This may not directly be a case of human trafficking but indirectly it is! And it’s very serious violation of women’s most basic human rights. Our radical organisation ‘Empower People’ is researching this situation now. Before completion of this research it will not be appropriate to say anything conclusively. But already some of the examples we have found underline the seriousness of the situation. One man who is held in very high regard in his society for being vocal against female foeticide and gender inequality, agreed to speak to me and when I got closer, I found that he has two sons and no daughter, wife and his widowed mother take care of agro & domestic chores and this man has took to social service.  

Paro or Molki : Perception and Causes (An unknown face)
Our research reveals that in Jaatland of Haryana is that paro or molki owning villages become the source of spreading the practice of paro horizontally as well as vertically.  In the village of  Kharakramji the paro were mainly from Maharashtra and in the village Shillakhedi the paro are mainly from West Bengal. We discovered that a paro who had been imported from another village then became the contact through whom other paros would be imported from her area.  The ‘husbands’ of those paro or Molki are were indulging in the heinous work of dalali (Broking system) . For example, Hari Om (name changed) from Kharakramji, who did not wanted to be interviewed, but admitted with a glory that he owns a paro. He also said that he is continuously in contact with the other dalals ( traffickers or brokers) of the city. He warned us of dire consequences if we write anything about the paro or polyandry. He told us with pride that he would be bringing more paro into the village for the other unmarried and unemployed men (people) who come to him to arrange for a paro for them. A member of Panchayat of Kharakramji village admitted this fact. He told me “they import molki to satisfy their sexual needs, all the brothers take advantage of her and for the neighbours they have a bride to show”
We found that the  ‘husbands’ of the paro or molki and their relatives become the agents and they are continuously in contact with the agents in Hissar, Sonipat and Jind, which epicenter of the trafficking. The agents dwell in the village itself. Sometimes they are truck drivers or the people who are continuously out-goers. A paro is sold more than once in many cases by the agents and their ‘husbands’ and the rate varies from Rs.7, 000/- to Rs.40, 000/.  The paro owners also lead their neighbours and relatives from other village to a place where they can find a paro. The person for whom the paro is being bought affords all the expenses throughout the way.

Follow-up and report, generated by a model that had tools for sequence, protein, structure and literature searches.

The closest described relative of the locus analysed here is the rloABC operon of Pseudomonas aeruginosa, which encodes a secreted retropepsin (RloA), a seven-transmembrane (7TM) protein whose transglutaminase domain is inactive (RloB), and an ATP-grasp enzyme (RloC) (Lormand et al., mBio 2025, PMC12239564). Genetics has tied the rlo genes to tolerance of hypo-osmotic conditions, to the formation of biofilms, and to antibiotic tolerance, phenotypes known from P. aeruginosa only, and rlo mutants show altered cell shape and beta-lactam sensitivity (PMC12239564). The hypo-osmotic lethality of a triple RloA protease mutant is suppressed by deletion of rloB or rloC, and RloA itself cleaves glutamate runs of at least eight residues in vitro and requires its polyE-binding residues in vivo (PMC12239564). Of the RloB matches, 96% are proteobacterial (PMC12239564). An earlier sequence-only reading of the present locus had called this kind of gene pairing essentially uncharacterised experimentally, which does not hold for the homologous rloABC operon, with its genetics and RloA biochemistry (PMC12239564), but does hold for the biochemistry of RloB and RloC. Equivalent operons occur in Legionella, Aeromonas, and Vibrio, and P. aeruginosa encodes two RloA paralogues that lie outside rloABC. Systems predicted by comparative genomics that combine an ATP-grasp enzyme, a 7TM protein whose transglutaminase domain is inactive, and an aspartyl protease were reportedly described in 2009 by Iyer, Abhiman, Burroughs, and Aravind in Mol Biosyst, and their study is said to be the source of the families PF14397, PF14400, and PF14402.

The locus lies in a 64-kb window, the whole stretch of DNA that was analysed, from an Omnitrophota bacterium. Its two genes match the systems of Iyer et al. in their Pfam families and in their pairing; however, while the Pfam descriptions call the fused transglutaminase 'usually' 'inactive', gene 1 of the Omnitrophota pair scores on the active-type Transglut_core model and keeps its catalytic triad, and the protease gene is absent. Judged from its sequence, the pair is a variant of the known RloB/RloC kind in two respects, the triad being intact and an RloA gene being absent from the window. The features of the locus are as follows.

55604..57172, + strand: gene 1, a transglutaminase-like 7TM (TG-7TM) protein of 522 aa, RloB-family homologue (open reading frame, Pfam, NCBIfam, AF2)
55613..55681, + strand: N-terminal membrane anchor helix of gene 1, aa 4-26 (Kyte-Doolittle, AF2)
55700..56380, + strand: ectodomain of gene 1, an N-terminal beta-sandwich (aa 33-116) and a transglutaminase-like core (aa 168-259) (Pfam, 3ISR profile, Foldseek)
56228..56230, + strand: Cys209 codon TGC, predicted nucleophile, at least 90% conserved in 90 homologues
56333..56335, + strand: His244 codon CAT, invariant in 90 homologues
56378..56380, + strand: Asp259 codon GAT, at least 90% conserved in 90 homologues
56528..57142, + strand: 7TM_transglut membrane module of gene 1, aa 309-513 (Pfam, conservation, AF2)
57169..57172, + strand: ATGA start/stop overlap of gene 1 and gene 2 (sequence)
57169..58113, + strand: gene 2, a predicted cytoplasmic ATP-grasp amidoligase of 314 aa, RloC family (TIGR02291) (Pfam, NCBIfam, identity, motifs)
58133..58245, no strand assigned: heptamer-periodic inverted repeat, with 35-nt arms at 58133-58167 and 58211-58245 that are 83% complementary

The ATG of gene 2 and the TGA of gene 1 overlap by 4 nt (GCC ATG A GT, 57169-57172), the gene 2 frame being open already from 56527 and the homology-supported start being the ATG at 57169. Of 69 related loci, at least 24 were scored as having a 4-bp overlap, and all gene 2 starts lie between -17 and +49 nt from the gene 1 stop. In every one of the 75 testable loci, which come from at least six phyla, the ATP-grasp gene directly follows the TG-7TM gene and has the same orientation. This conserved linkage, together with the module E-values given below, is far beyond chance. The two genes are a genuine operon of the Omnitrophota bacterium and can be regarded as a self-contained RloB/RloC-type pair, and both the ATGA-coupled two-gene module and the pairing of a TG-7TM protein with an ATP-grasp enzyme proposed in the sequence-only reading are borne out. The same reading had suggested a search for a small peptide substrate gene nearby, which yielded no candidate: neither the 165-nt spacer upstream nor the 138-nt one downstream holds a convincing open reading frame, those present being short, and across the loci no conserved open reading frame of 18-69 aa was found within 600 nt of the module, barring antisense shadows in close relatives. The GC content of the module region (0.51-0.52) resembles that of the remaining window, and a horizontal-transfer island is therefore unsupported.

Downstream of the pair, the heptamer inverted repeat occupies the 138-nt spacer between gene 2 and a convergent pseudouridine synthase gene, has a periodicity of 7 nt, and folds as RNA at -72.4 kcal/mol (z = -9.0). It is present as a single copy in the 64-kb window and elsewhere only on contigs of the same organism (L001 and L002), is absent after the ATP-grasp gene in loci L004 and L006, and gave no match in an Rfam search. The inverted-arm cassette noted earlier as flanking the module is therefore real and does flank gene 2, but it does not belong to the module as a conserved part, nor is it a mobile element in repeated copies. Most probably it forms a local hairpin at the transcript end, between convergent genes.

Our research in the field revealed a number of reasons why women are imported into Jaatland, including the practice of polyandry, the desire for cheap labour, the fact that small landholdings and division of property, scarcity of girls, the passing of marrying age and heavy dowry. But, the irony is that on one hand men are purchasing girls and on the other graph of dowry is touching sky. 

Historical evolution of Paro (molki)
Social acceptance of karewa and its prevalence can be seen in folklore and local proverbs . Also this is noticed by one British administrator, observing the practice in early 20th century onward, recorded that even where there was only one married brother, the other brothers had free access to his wife. (M. L. DARLING, the famed writer and civil administrator of  this region, writing in Prosperity and Debt, first edition, 1925 reprint, South Asia Books, Delhi, 1978) an oft-repeated story of those days jocularly related even now, to show what a marital association entailed in the past, concerns a new bride who had four or five jeth or dewar All of them had free sexual access to her. After fifteen or twenty days of her marriage, the bride requested her mother-in-law to identify her husband from among them. Upon this the mother-in-law came out in the gali (street) and started to howl loudly; when asked about it she replied: " It is difficult for me to live in this house any more. I have been married for forty years, yet even now I have never asked anyone to determine the identity of my husband. This fifteen-day-old bride is already asking about her's." (Prem Chowdhry “An Alternetive to the sati modal : Perceptions of a Social Reality in Folklore” )